Austin Ekeler

Week-to-week player performance can be very volatile. The worst thing we can do is miss out on a fluky big day and then chase it the following week, when that player is both more expensive and more owned.

So by examining usage instead of performance, we can cut through some of the noise and figure out what’s sustainable. Here are the most important usage notes I saw in Week 4. Hat-tip to ProFootballFocus for a lot of the snap info found below.

1. Austin Ekeler used in pass-back role

We didn’t get a great look at the Chargers’ new backfield because they fell behind 14-0 right out of the gate. Philip Rivers spent a ton of the game in hurry-up while facing prevent defenses. But it’s still notable that Melvin Gordon had 12 carries compared to just three for Ekeler. Of course, Ekeler was the no-doubt passing back, piling up an outrageous 15 catches on 16 targets. Gordon had four catches on six targets. In normal game scripts with fewer offensive plays and fewer passing plays, these two really threaten to cap each other.

2. Damien Williams back with force

Williams (knee) missed two straight games. He returned on Sunday night and immediately led the backfield by playing on 35-of-63 snaps. Clearly the preferred pass-down back, Williams saw four targets while LeSean McCoy and Darell Williams combined for two. Meanwhile, McCoy and Darell each played 14 snaps but oddly neither recorded a carry. Regardless three backs seeing time is a disaster fantasy situation – even for the best offense in the league. Going into Sunday’s likely shootout, Damien is the best option but comes with a low floor.

3. Jake Kumerow slides in as No. 3

Davante Adams (turf toe) missed Week 5 and I’d be a bit surprised if he made it back for Week 6. So it’s notable that Kumerow slid in as the clear-cut No. 3 wideout, playing on 48-of-72 snaps. Marquez Valdes-Scantling led the way with 68 snaps and Geronimo Allison was next with 62. The Cowboys’ defensive style forces targets to running backs, so Aaron Jones and Tra Carson combined for 12 of them. But in other matchups, these WRs will be much more needed and firmly in play.

4. Big Mike gets big usage

Mike Williams (back, knee) has been banged up for most of the year. So it was good to see him return in Week 5 and immediately log 62-of-70 snaps. He also saw 29% of Rivers’ targets and was in the slot 21 times. Williams is never going to be a high-volume guy because most weeks Keenan Allen won’t be blanketed by Chris Harris. But he’s a touchdown-maker at 6-foot-4 who has zero TDs on 28 targets this year.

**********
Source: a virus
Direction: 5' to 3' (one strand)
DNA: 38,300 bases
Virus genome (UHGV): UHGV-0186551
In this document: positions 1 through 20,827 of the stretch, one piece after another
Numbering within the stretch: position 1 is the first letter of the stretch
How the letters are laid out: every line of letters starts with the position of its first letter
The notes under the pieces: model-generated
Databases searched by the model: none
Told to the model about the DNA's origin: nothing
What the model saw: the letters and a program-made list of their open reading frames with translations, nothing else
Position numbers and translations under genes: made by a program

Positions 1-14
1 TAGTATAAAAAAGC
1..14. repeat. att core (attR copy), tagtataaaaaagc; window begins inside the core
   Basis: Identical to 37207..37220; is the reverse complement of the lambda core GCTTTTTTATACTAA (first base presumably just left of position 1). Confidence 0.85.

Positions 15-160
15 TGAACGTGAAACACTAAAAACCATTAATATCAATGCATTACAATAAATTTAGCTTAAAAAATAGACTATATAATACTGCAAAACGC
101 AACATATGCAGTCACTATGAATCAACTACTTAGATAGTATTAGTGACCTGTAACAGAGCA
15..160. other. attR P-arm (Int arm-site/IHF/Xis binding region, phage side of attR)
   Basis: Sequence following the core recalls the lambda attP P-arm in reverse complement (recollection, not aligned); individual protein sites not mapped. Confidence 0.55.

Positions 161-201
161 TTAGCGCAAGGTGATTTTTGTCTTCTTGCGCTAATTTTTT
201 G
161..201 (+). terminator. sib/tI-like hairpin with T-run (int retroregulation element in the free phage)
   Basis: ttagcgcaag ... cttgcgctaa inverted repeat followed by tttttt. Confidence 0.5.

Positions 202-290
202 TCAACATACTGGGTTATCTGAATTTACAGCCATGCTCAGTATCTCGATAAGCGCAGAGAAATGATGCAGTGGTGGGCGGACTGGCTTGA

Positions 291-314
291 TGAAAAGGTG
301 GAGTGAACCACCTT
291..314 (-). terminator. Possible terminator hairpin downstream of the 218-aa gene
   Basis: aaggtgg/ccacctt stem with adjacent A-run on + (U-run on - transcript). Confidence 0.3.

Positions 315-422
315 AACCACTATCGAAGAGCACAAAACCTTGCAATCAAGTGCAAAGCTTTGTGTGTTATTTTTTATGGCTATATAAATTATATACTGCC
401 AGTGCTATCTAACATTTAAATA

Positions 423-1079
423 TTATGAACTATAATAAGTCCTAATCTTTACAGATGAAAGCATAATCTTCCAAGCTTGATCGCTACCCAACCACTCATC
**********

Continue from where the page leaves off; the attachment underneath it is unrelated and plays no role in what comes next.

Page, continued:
5. Texans not ready to unleash Keke

With Kenny Stills (hamstring) out, I thought the Texans would use quietly gifted Keke Coutee as an every-down slot receiver. It’s a role he was highly productive in last year and Deshaun Watson clearly trusts him. However, Bill O’Brien had other ideas. He went with a two-TE set for much of the game, lining up both Darren Fells and Jordan Akins. When the dust settled, Coutee only played on 31-of-70 snaps and ran a route on 20 of Watson’s 36 dropbacks. That kind of usage makes Coutee a thin play even if Stills continues to miss time.

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I am a promoter at DraftKings and am also an avid fan and user (my username is adamlevitan) and may sometimes play on my personal account in the games that I offer advice on. Although I have expressed my personal view on the games and strategies above, they do not necessarily reflect the view(s) of DraftKings and I may also deploy different players and strategies than what I recommend above. I am not an employee of DraftKings and do not have access to any non-public information.